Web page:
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How to Build Your Bond with Baby

Snuggle Bugz | | Comments 0

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For many of us, the first time we meet our baby face to face, skin to skin, is the most incredible love-filled moment. However, this isn’t always the case for everyone. Approximately one-third of mothers don’t feel that magical moment at birth.

Whatever the reason, it’s okay! We see you and we know that you’re going to be a great mom! Believe it or not, the parent-child bond is NOT based on a single moment in time — it’s built over time. Clinical psychologist Dr. Tanya Cotler says, “The parent-child attachment bond is critical for social-emotional development for cognitive development, for the development of emotion regulation — but it does not rest on any specific moment in life, including the birthing moment.”

The 3 RS

Building a bond with your child is done millisecond by millisecond throughout your lives together. We chatted with Dr. Tanya Cotler in Season 1 of our podcast, 40 Weeks to Forever, and she introduced us to the 3 Rs, which provide us with the building blocks needed to create a warm, healthy, and loving bond with our children.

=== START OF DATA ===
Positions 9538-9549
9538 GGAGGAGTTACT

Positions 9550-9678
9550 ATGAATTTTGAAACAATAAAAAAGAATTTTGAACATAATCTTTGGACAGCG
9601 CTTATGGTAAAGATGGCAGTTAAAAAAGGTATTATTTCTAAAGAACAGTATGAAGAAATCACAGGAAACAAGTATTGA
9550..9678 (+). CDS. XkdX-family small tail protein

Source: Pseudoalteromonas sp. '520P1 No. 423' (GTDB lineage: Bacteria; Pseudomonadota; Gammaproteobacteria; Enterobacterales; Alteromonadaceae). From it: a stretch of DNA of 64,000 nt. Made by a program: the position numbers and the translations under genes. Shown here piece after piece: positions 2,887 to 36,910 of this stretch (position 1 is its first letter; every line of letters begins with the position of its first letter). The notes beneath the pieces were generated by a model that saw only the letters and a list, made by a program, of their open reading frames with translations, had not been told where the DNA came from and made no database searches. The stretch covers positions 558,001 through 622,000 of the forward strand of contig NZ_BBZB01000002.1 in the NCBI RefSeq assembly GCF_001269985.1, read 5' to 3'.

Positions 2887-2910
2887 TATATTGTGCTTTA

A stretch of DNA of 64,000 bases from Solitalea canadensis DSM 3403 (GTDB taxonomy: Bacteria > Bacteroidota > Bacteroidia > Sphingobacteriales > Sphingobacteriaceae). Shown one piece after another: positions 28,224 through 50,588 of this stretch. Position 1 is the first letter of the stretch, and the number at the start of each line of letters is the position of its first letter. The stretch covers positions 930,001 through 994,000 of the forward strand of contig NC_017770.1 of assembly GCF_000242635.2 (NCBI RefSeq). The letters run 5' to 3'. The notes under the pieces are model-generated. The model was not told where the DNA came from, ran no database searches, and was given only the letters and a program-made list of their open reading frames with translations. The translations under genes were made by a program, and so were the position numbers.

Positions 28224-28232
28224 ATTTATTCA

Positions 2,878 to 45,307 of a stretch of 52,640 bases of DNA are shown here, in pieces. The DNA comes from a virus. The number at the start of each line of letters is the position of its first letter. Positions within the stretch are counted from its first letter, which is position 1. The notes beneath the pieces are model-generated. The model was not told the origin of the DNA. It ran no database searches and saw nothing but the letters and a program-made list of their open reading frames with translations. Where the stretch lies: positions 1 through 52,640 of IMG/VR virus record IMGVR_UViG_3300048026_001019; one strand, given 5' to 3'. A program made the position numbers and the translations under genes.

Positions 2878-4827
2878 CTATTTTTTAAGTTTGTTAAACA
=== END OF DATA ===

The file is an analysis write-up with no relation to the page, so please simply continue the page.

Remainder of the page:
The first R can start immediately. The second you bring home that tiny bundle, you can start building your bond through reflection. Reflection is the idea of reflecting on minds — seeing our mind and our child’s mind come together.

We all need to be seen and understood. One way we can do that for our baby is to narrate and reflect how they are doing. For example, if your baby is crying when you change their diaper, you could acknowledge how they may be feeling by saying, “Oh I know. You’re so upset.” Of course, you still need to change them, but by recognizing they are upset and reflecting on their mental state, you can help them feel seen and more secure. Dr. Tanya Cotler says, "That's actually probably one of the most key aspects to building a secure attachment. So, if nothing else, when people come to me and they say, ‘what should I be doing?’ I say narrate, narrate, narrate, narrate... all day long. What do you see your child doing? What's going on in their mind? It helps them feel recognized.”